Biomedical Engineering Associate Professor Yu Chen is working with a $200,000 grant from the National Science Foundation (NSF) to partner with the U.S. Food and Drug Administration (FDA) to undertake improvements in the clinical performance of pulse oximeters. Such improvements will positively impact patients undergoing surgical procedures, anesthesia, and other critical health conditions.
The pulse oximeter is an electronic device that measures the saturation of oxygen carried in your red blood cells. Pulse oximeters are powerful and inexpensive devices commonly used for early detection of health problems and monitoring of treatment. However, studies have shown that patient skin pigmentation levels and other physical factors can impact the measurement accuracy.
According to Chen, “This project will provide extensive insights into the factors influencing quantitative accuracy of pulse oximetry.”
Chen explains that a better understanding of the underlying mechanisms related to pulse oximeters will help the refinement of instrumentation and algorithms to improve the device performance.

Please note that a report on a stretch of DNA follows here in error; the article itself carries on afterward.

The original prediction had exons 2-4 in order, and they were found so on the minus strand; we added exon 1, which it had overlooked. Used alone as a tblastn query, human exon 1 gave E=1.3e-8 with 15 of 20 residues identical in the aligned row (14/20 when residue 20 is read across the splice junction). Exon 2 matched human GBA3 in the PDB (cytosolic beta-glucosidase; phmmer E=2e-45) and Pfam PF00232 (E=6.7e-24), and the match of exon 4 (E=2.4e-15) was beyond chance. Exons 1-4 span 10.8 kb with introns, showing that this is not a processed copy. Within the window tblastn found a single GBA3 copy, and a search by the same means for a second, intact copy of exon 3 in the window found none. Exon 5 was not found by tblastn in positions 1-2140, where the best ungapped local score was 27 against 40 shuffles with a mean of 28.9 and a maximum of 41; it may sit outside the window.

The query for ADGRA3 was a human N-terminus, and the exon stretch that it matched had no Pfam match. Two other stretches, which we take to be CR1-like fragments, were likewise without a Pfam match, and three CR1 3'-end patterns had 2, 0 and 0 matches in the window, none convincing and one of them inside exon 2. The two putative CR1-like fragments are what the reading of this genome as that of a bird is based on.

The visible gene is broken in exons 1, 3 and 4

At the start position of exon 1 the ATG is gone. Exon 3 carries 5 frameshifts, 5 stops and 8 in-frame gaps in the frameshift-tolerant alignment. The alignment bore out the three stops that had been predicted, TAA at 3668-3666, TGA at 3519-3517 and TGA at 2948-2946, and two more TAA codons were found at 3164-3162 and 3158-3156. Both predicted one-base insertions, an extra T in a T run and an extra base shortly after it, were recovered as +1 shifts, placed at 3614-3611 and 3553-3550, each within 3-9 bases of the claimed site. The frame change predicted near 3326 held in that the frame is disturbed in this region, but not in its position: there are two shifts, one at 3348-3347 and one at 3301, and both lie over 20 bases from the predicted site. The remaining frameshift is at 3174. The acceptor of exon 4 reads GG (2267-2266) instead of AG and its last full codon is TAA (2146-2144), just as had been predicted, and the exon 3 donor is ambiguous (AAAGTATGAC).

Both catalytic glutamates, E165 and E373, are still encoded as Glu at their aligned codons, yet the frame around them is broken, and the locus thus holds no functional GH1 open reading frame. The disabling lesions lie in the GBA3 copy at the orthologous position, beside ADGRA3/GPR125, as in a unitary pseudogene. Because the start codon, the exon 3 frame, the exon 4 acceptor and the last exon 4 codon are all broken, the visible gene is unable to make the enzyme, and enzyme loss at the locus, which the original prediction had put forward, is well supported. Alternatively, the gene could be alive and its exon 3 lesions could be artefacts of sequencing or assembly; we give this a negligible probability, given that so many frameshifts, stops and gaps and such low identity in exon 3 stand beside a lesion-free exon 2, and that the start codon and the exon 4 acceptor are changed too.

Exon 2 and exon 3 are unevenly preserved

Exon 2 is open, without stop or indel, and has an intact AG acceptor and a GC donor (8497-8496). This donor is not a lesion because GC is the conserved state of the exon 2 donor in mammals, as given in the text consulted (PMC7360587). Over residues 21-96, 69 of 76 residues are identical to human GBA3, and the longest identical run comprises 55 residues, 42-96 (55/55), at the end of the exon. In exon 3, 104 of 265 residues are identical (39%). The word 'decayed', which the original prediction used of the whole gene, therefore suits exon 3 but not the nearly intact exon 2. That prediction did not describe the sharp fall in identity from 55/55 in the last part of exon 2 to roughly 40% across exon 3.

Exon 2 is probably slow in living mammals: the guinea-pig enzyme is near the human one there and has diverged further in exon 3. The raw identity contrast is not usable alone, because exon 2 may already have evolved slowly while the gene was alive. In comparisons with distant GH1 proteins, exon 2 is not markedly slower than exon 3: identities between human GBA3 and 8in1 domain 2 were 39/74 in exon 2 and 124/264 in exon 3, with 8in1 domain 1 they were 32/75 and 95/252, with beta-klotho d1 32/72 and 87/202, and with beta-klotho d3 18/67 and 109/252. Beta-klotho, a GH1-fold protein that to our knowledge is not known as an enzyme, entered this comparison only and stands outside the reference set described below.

Chen and his research team will be working with Dr. Joshua Pfefer of the FDA’s Office of Science and Engineering Labs to improve understanding of pulse oximeter light-tissue interactions through computational modeling. This work will include studying the impact of different biological and device design factors on detected optical signals and performing laboratory measurements of tissue-mimicking models to validate the computational modeling under well-controlled conditions.
As Chen says, “Such effective, least-burdensome evaluation of device performance has the potential to lead to improvements in clinical performance of oximeters. Furthermore, the planned research will be seamlessly integrated with educational, mentoring, and outreach activities.”
Chen’s project aims to develop and validate a series of test methods for pulse oximetry. As he says, “The work will involve fabricating physical models with biologically relevant properties of adult fingers, including epidermal layers with different pigmentation levels, bio-mimetic microvascular networks, and mock cardiovascular flow loop with tunable oxygenation to generate real-time physiological flow/pressure waveforms.”
In addition, Chen will develop in silico models of adult fingers of different sizes and perform Monte Carlo simulations – a mathematical technique used to estimate the possible outcomes of an uncertain event – to elucidate light-tissue interactions in pulse oximetry.
Finally, Chen’s research team will use computational models to validate spectroscopic measurements in finger-simulating physical models and investigate effects of epidermal melanin content along with other biological factors on key light-tissue interaction parameters and on estimated oxygen saturation measurement accuracy. (November 2022)